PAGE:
Help keep Carson City off drugs

Does Carson City have a drug problem? That's like asking whether the Pope is Polish. And the answer to both questions is: You bet!

In an effort to learn more about the extent of Carson City's drug problem, I paid a visit to Sheriff Ken Furlong early this month. We were joined by Undersheriff Steve Albertsen and Lt. Scott Jackson of the Tri-Net Anti-Narcotics Task Force in a wide-ranging, 90-minute discussion.

At the outset I should note that I spent more than 20 years on the front lines of the federal government's War on Drugs in countries like Colombia, Mexico and Peru, and I deal with drug cases as an English/Spanish interpreter in Carson Country courtrooms. So you can call me a lifelong anti-drug crusader, and I won't mind at all.

Sheriff Furlong was open and candid about the devastating effects of drugs on Carson City families. "If you know anybody in this town, you know someone who's using (drugs)," he declared. "Drugs are affecting families all over town." He added that we must go beyond drug arrest statistics in order to understand the extent of the problem because many other crimes such as burglaries, robberies and domestic violence - and even white-collar crimes - frequently turn out to be drug-related.

"The public has no idea how serious this problem is," Furlong continued. "It affects everyone from teenagers to seniors. Drug arrests were up more than 50 percent in Carson City last month."

Lt. Jackson stated that drug arrests in the Tri-Net area - Carson City plus Douglas, Lyon and Storey counties - increased by 25 percent to 125 in fiscal 2003, which ended last July. Unfortunately, Hispanics accounted for 40 percent to 50 percent of those arrests. I say "unfortunately" because these statistics reflect badly on the great majority of Hispanics in our area, who are honest and hard-working.

Clearly, the local drug of choice is the dangerously addictive methamphetamine, which comes in three varieties: 1) "crank," 2) "crystal" and 3) "ice," which is the newest and most popular form. Crank is usually sold as a powder, while crystal meth and ice are progressively more concentrated in "rock" form. Ice is at least 80 percent pure compared to crank's 35 percent average purity.

According to Jackson, more than 80 percent of illicit drugs entering the western U.S. are shipped here by Mexican drug cartels and carried by human "mules" from Mexico and elsewhere south of the border. By the way, this is a main reason why current "open borders" proposals are a bad idea, since people and drug smuggling go hand-in-hand.

Jackson explained that because Mexico doesn't control precursor chemicals, most of the methamphetamine seized in the Tri-Net area is shipped in from Mexico. While crank sells for about $350 per ounce, ice's street value ranges from $900 to $1,200 per ounce. Obviously, these prices represent a tremendous temptation for illiterate and/or indigent immigrants who are already working at minimum-wage jobs in the U.S., or those who seek to enter the U.S. in search of work.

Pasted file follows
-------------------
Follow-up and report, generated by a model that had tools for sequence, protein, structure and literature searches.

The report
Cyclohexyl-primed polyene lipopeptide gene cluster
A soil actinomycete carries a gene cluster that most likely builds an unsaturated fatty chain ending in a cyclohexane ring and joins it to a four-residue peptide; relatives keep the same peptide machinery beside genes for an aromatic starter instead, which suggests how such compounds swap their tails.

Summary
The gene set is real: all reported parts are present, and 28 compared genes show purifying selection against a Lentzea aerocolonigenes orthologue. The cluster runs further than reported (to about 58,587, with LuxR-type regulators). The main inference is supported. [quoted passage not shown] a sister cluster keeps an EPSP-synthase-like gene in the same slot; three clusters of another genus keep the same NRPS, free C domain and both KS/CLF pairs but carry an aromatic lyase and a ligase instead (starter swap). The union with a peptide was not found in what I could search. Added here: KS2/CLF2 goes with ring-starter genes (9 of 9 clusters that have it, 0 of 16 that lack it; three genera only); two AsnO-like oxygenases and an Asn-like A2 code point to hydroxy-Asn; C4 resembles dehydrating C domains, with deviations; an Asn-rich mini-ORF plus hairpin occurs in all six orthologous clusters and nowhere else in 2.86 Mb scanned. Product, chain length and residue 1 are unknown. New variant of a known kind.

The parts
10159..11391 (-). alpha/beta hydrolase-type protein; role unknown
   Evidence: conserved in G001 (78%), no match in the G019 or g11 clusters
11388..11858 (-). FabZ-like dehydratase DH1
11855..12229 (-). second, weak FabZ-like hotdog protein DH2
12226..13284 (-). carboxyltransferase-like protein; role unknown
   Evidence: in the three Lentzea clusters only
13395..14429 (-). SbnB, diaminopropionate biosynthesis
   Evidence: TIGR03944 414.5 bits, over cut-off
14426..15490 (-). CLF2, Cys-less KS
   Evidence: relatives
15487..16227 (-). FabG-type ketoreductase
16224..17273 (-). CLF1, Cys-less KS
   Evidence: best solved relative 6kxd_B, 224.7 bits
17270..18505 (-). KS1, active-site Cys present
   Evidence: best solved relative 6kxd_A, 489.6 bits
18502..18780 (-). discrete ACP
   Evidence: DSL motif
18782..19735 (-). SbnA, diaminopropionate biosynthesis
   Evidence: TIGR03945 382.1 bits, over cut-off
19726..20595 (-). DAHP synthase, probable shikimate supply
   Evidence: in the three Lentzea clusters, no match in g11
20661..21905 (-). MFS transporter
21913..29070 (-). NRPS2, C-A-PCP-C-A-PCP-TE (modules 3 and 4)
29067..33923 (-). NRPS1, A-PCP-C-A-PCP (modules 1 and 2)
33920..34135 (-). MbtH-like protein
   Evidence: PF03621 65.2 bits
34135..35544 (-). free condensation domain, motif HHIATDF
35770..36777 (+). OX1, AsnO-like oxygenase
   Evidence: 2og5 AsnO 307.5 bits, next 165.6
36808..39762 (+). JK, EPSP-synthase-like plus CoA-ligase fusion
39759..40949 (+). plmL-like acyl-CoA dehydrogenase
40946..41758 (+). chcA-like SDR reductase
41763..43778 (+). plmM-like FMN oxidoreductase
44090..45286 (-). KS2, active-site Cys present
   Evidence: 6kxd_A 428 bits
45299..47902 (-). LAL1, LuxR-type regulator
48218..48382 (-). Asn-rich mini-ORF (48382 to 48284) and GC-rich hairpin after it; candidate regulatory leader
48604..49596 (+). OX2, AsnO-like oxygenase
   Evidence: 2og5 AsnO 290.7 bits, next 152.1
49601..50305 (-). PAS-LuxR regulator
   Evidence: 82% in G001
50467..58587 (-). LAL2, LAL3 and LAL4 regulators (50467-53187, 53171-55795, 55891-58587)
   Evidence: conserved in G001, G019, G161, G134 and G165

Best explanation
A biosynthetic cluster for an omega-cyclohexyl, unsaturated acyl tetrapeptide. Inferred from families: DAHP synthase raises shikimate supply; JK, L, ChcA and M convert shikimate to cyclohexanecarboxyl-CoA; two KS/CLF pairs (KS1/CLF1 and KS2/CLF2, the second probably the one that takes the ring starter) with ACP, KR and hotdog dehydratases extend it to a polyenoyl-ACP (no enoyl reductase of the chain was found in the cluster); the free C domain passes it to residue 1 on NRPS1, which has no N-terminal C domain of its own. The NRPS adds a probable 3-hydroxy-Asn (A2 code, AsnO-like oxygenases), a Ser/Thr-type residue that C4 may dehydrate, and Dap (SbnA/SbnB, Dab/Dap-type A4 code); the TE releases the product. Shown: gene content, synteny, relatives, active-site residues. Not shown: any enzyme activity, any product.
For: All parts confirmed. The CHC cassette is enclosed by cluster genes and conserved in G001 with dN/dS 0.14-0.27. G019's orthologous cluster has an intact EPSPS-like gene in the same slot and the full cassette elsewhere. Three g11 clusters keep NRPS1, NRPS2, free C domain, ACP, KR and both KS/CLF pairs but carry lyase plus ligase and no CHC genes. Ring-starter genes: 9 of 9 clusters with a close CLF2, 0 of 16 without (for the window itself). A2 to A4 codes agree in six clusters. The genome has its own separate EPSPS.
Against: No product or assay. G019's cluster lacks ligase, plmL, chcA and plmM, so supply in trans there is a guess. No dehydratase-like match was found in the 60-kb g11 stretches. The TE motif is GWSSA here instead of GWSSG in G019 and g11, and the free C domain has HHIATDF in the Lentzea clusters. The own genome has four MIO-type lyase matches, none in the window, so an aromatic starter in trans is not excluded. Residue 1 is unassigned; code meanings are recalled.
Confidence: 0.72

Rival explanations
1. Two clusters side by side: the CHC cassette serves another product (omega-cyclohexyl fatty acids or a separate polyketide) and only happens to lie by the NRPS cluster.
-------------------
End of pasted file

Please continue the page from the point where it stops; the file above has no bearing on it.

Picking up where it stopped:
In Nevada, mere possession of a "trafficking amount" of drugs, 28 grams or more, is punishable by a prison term of 10 years to life unless a defendant provides "substantial assistance" (good intelligence information) to law enforcement authorities.

On the other hand, it appears that many of the Hispanics convicted of drug crimes belong to prison gangs.

The Jan. 15 issue of the Reno News & Review published a revealing investigative article by staff writer Joseph Allen asserting that approximately 650 of 1,500 Latino inmates in Nevada's prison system are "paisas," gang members who operate "an extensive and illicit economy" that includes drug smuggling.

For his part, Sheriff Furlong believes in a three-pronged approach to the drug problem: education, treatment and enforcement. Although primarily responsible for enforcement, he also recognizes the importance of drug prevention, education and treatment, which is why he recently hired Mary Wolkimir as the department's first juvenile substance abuse training coordinator.

Ms. Wolkimir, who operated a nonprofit drug prevention center in Washington, D.C., is charged with coordinating a local effort to identify effective drug, alcohol and violence prevention programs.

"Academics will never flourish unless our children have a safe and drug-free environment to learn in," she told the Appeal earlier this month. I couldn't agree more, and I wish her well.

A recent survey by the National Center on Addiction and Substance Abuse, directed by former Health and Welfare Secretary Joseph Califano Jr., found that more than 5 million children between the ages of 12 and 17 could purchase marijuana in an hour or less, and that children in schools with more than 1,200 students (like Carson High) were at a high risk for drug addiction.

And yet the drug legalizers, who suffered a resounding defeat in an effort to decriminalize marijuana in Nevada two years ago, are still pushing their insidious cause with misleading TV ads.

Towns throughout the West and Midwest are infested with methamphetamine use and abuse, according to the New York Times, which reported that about 70 people in the small town of Lovell, Wyoming (population: 2,264) have been convicted of buying or selling meth over the past two years.

"Methamphetamine use and crime are also overrunning rural counties in Iowa, Nebraska, Kansas, Colorado, North Dakota and the Texas Panhandle," the Times added.

Let's join Sheriff Furlong and his law enforcement colleagues in an all-out campaign to keep Carson City and rural Nevada off this list of endangered counties.

Guy W. Farmer, a semi-retired journalist and former U.S. diplomat, resides in Carson City.


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